solid oxide film after annealing. This has been demonstrated by the XPS results. The nanoparticle sol, which is used for the deposition of films, consists of water, TiO2 nanoparticles, and a small portion of isopropyl alcohol. As the film is applied, the majority of the water and alcohol in the sol evaporate. This leads to an evaporation-induced condensation reaction, which creates Ti-O-Ti bonds from the unreacted hydrolyzed precursors, as well as between Ti-OH groups on the particles surface. Condensation of Ti-OH groups on the surface provides interconnects between the particles, leading to a solid granular film. Nanoparticle sols created from the peroxotitanium complex have a high concentration of active OH groups on the surface. It has been demonstrated that materials with nano-sized grains exhibit different mechanical properties, compared to the polycrystalline materials with grain sizes of micrometer size or larger (66-70). Moreover, as observed in this work, the granular morphology is another factor that plays an important role in nanomechanical properties; i.e., the way the material deforms under an external force. The hardness and reduced modulus for TiO2 films grown by sputtering (which is closer to bulk TiO2) are reported to be about 8 and 170 GPa, respectively (71). Comparing these values with our results (hardness ≈ 1 GPa, Er ≈ 10 GPa), shows the hardness and modulus are considerably smaller than for the granular films. This is a morphology related effect. During the dipcoating process the nanoparticles pile up on the substrate; an evaporation-induced condensation reaction takes place, where nanoparticles bind together from their contact interfaces. This forms a highly porous, granular structure, where the mechanical properties are highly influenced by the relatively weak binding between the particles. It has been reported that granular films show compaction behavior of a loosely packed granular material because neighboring grains slide around and past each other, which results in completely different mechanical properties, compared with non-granular films, such as sputtered films or bulk materials (47, 72). In this work, we have observed no pile-up at the edges of residual indents or scratches on TiO2 films, despite the fact that the films show plastic behavior and exhibit negligible recovery. We believe that when these granular films undergo indentation, neighboring grains slide around, pass each other and try to occupy the empty spaces. This definitely cannot happen in dense structures. Figure 9 shows a scheVOL. 2 • NO. 9 • 2629–2636 • 2010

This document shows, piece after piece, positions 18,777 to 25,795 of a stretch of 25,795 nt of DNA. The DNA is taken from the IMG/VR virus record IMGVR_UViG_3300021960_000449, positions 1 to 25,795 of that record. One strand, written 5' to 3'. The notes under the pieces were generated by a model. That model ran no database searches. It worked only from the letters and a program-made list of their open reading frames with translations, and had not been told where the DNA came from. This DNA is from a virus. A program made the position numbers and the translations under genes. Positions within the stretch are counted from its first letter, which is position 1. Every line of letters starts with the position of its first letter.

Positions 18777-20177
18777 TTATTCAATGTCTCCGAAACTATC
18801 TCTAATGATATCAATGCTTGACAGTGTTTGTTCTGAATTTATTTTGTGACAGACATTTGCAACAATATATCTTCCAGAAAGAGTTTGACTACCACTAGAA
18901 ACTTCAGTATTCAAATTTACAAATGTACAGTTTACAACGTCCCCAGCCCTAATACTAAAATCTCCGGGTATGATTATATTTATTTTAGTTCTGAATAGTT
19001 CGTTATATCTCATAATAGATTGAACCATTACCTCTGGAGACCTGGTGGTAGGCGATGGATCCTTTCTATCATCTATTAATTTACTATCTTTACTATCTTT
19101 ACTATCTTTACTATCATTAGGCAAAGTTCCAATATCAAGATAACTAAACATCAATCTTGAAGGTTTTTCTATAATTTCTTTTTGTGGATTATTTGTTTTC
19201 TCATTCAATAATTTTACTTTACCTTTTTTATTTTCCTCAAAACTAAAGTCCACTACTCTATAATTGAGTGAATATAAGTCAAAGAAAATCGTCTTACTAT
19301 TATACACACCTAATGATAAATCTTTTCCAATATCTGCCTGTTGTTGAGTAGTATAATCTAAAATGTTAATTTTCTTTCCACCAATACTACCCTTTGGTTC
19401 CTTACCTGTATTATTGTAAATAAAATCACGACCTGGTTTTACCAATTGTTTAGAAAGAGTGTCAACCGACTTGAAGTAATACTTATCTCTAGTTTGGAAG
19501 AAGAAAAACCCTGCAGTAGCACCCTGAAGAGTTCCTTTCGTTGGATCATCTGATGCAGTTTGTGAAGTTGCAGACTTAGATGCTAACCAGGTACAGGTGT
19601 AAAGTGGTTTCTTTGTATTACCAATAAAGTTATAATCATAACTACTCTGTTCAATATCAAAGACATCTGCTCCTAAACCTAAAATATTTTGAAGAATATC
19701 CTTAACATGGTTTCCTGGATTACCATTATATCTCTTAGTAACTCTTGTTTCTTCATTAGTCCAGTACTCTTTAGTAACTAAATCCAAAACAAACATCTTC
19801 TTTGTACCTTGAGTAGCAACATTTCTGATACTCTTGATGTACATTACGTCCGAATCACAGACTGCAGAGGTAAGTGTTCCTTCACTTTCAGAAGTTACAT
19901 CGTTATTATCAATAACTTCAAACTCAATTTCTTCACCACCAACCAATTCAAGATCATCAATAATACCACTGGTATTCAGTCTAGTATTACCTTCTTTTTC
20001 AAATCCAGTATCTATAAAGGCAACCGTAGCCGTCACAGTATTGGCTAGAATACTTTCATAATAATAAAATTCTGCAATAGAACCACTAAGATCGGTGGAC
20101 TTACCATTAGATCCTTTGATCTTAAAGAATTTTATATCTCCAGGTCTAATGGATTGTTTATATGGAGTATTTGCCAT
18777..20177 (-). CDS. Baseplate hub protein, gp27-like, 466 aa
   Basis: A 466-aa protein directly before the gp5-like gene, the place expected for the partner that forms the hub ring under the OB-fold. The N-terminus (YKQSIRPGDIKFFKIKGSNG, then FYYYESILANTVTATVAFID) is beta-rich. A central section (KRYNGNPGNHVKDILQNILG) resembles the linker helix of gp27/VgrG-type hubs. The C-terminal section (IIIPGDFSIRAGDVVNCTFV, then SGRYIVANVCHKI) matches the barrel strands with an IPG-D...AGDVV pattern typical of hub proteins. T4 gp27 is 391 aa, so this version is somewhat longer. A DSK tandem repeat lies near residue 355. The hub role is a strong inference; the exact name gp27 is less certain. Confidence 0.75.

ARTICLE FIGURE 9. Schematic of the molecular ordering in layered TiO2 oxides, assuming granular and porous TiO2: (a) before indentation, (b) under indentation load, and (c) after indentation.